Recently, I turned on my Archos 5 tablet for my nightly reading and found notification for the firmware update (1.7.77). Alas it’s still Android 1.6. The update went without a glitch but if you are wondering what was includes here’s rundown from the Archos support site:

* Extended Bluetooth™ support for cellphone tethering (DUN and PAN)

[...]

Features are being added on the fly. Can Windows do that? Does it ever do that? And if not, then why not? Let’s face it, the development model of Free software is simply superior as it allows larger disparate groups of developers to handle larger projects.

According to another new article, Vista 7 has a ‘dangerous’ ‘new’ feature:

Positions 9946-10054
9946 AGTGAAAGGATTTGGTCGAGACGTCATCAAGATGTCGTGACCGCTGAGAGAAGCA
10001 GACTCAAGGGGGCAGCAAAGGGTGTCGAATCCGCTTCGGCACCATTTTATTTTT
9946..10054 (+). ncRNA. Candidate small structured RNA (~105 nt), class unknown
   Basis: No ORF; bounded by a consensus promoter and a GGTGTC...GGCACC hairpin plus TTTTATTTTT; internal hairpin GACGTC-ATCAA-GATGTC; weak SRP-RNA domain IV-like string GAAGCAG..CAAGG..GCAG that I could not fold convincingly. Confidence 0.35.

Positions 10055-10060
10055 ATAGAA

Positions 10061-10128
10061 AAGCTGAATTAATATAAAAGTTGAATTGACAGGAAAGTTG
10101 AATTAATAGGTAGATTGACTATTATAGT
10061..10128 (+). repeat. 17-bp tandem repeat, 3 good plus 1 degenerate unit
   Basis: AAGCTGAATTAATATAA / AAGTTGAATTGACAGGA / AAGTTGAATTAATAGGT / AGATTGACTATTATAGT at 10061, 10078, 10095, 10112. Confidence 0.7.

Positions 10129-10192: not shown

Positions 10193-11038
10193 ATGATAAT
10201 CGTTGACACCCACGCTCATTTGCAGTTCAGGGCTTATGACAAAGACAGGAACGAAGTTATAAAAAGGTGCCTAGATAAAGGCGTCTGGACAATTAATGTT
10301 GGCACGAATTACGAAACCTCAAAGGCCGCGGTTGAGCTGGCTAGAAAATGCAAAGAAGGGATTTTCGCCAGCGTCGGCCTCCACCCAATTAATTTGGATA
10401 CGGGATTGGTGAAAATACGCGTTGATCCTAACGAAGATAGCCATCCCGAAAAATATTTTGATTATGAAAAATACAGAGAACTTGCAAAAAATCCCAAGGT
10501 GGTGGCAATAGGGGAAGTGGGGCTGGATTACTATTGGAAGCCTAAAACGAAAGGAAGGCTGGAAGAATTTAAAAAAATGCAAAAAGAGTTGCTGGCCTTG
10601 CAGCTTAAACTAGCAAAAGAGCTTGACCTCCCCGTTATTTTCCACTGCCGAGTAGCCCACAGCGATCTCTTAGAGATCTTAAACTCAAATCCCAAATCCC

Microsoft Windows 7, for example, contains software that allows a user’s laptop to do double-duty as a rogue Wi-Fi access point that masks the entry of unauthorized users onto the corporate network.

GNU/Linux has been able to do that for ages, as Slashdot correctly points out:

While this means a bit more policing for networks meant to be locked down, it sounds like a good thing overall. Linux users, meanwhile, have had kernel support (since 2.6.26) for 802.11s mesh networking, as well as Host AP support for certain chipsets.

GNU/Linux is about control by the user, Windows is about taking control away from the user. Microsoft is still catching up with Linux (technically) and drifting further away when it comes to respecting the user.
____
* One of these sources suggests that Vista 7 is sometimes slower than Vista. Our reader Ryan, a former MVP of Microsoft, says that Vista 7 has more bugs than Vista, which is why he prefers the latter and he is not alone based on the news. But marketing lies from Microsoft made a real “Mojave” out of Vista. They called it “Windows 7″.

“Well the initial impression is how much it [Windows 7] looks like Vista. Which I think is…uh…the thing I’m not supposed to say.”

Microsoft Jack Schofield